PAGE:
Another complaint is that all five of the shortlisted authors (the others are Neal Stephenson for Anathem and Charles Stross for Saturn’s Children) have a significant internet presence. So this, it is feared, is nothing more than mobilising blog readers. Well, if that’s all it takes – GO VOTE FOR ME! VOTE NOW! VOTE OFTEN – okay, let’s see if that works.
Let’s be honest, all of this is just flannel intended to disguise the fact that what people really want to say is: the voters got it wrong. They picked books I wouldn’t have chosen for an award.
Well yes, of course, if the various awards had only had the good sense to follow my advice, year on year, we’d have a much better record of award winners. After all, if it had been left to me every award winner would have been a great work of literature that clearly defined what was best in science fiction. Except, I doubt whether many other people would have agreed. Their loss, of course, but still …
If we can’t even agree how to define science fiction, how can we possibly agree what represents the very best of the genre? That’s why we have so many awards, each with its own different constituency. There are juried awards and popular vote awards, awards chosen mostly by fans and awards chosen mostly by professionals, and each is going to choose a different shortlist based on very different tastes and ideas.
Looking back, I have to say that 2008 did not seem like a particularly inspiring year for the sf novel, and the book that stood out as the best novel of the year for me (The Angel Maker by Stefan Brijs) did not come within spitting distance of any shortlist or, so far as I can tell, of any long list. But if the Hugo shortlist isn’t what I would have chosen (there are other shortlists that come closer to my taste) that doesn’t mean that it doesn’t represent my idea of science fiction.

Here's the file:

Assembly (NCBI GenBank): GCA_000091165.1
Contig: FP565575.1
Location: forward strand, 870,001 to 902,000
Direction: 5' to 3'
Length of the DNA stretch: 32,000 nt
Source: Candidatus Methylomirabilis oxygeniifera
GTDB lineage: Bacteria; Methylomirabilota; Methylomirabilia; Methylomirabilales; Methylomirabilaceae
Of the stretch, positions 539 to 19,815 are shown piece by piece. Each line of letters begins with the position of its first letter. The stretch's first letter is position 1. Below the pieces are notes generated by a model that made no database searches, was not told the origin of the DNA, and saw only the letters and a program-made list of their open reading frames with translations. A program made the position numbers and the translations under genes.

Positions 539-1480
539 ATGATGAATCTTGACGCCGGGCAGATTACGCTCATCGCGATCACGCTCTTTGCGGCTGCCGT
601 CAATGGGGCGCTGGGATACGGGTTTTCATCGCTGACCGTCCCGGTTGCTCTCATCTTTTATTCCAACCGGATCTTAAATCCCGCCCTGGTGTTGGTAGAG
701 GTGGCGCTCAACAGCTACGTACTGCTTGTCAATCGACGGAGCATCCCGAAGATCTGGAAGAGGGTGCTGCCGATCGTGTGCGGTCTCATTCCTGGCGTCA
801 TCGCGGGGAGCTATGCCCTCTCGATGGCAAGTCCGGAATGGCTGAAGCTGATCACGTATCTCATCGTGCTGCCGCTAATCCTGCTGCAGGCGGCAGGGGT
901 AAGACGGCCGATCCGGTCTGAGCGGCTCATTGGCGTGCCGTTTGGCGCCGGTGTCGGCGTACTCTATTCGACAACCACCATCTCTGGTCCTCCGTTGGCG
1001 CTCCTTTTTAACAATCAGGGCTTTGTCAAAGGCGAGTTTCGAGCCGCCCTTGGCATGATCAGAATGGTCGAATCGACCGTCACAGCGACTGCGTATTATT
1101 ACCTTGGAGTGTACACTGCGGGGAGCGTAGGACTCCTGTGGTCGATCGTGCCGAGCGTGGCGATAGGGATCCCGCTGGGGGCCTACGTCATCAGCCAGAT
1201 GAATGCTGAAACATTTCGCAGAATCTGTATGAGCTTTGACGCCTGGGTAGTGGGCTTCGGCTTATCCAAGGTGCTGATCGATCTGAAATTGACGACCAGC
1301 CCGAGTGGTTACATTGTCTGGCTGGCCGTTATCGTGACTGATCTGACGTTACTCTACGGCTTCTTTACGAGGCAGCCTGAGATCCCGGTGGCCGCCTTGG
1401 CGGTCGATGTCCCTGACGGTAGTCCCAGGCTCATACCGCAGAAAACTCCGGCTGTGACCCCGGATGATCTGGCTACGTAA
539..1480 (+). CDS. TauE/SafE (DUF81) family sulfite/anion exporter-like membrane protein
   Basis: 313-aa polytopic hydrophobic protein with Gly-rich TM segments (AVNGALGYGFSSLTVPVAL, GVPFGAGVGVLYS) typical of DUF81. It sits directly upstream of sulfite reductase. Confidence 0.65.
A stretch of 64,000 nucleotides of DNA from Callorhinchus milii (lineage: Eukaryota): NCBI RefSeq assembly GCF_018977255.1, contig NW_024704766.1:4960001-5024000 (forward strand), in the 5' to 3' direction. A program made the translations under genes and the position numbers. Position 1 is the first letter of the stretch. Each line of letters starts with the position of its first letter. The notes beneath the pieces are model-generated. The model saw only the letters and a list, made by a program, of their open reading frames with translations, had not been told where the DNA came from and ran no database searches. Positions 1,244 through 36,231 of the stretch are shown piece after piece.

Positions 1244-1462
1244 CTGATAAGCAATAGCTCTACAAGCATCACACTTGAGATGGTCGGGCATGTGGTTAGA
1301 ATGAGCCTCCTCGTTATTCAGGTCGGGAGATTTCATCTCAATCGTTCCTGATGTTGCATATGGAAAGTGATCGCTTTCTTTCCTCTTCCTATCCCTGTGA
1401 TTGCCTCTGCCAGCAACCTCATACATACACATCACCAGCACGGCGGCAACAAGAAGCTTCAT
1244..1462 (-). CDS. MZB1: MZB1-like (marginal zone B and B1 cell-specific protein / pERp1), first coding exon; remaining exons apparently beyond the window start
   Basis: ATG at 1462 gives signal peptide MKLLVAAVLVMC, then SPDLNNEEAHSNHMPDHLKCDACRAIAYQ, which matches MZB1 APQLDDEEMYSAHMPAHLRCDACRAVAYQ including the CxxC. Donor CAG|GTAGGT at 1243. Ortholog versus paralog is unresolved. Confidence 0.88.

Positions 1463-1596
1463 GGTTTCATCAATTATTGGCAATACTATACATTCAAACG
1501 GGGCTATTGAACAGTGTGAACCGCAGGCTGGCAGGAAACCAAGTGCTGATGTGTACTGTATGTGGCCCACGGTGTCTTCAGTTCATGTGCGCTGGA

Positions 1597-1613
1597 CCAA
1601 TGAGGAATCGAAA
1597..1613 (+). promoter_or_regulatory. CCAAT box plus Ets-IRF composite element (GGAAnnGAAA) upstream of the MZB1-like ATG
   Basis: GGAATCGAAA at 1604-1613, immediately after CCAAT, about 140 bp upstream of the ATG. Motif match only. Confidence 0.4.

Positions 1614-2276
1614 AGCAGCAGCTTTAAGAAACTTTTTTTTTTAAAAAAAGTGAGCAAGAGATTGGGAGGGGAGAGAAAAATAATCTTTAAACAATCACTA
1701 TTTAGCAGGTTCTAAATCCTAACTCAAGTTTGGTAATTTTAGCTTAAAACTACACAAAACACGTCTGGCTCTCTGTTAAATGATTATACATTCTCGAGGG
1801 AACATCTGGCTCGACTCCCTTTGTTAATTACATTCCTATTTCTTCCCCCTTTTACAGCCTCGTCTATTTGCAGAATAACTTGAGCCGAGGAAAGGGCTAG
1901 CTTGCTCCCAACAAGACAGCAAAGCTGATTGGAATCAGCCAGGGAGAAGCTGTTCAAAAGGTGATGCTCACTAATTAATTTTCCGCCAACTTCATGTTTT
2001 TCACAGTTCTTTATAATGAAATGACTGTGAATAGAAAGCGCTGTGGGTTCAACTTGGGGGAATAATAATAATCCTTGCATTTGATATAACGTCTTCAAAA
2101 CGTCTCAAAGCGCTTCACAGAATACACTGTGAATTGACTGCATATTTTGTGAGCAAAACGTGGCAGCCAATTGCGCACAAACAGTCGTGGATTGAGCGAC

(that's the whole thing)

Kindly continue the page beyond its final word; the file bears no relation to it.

An award shortlist is a snapshot of a curious conflation of tastes at one specific moment. It doesn’t define what’s best in a genre, only points towards what one particular constituency thinks should be best. The fact that this year three YA novels came to the fore isn’t going to shape the future course of sf, any more than J.K. Rowling’s win in 2005 has shaped science fiction since then. All the list does is represent what people think stands out in this year, and taken year on year the various award shortlists do have a strange facility for picking books that go on to stand out in our collective memory. (And the fact that Anathem has made every shortlist so far announced, for such very different constituencies, gives it a very good claim to be the novel of the year even if it goes on to win none of the awards.)
In other words, those who welcomed the shortlist (‘it’s all my favourites’) and those who attacked it (‘it doesn’t represent my view of science fiction’) were saying the same thing. Whatever they may think, they are not commenting on the nature or character of science fiction at the moment. All my favourites doesn’t equate with the best science fiction; rather it suggests that these works point towards what a certain constituency of which I am a self-selected member consider the best. Not my view of sf doesn’t mean that these books signify a downfall in the racial purity of the genre; only that I am not a self-selected member that considers these point towards the best.
Of course, these five books are the best in science fiction, as are the books that make up all the other shortlists. But that’s only because science fiction is so varied it has many different types of best.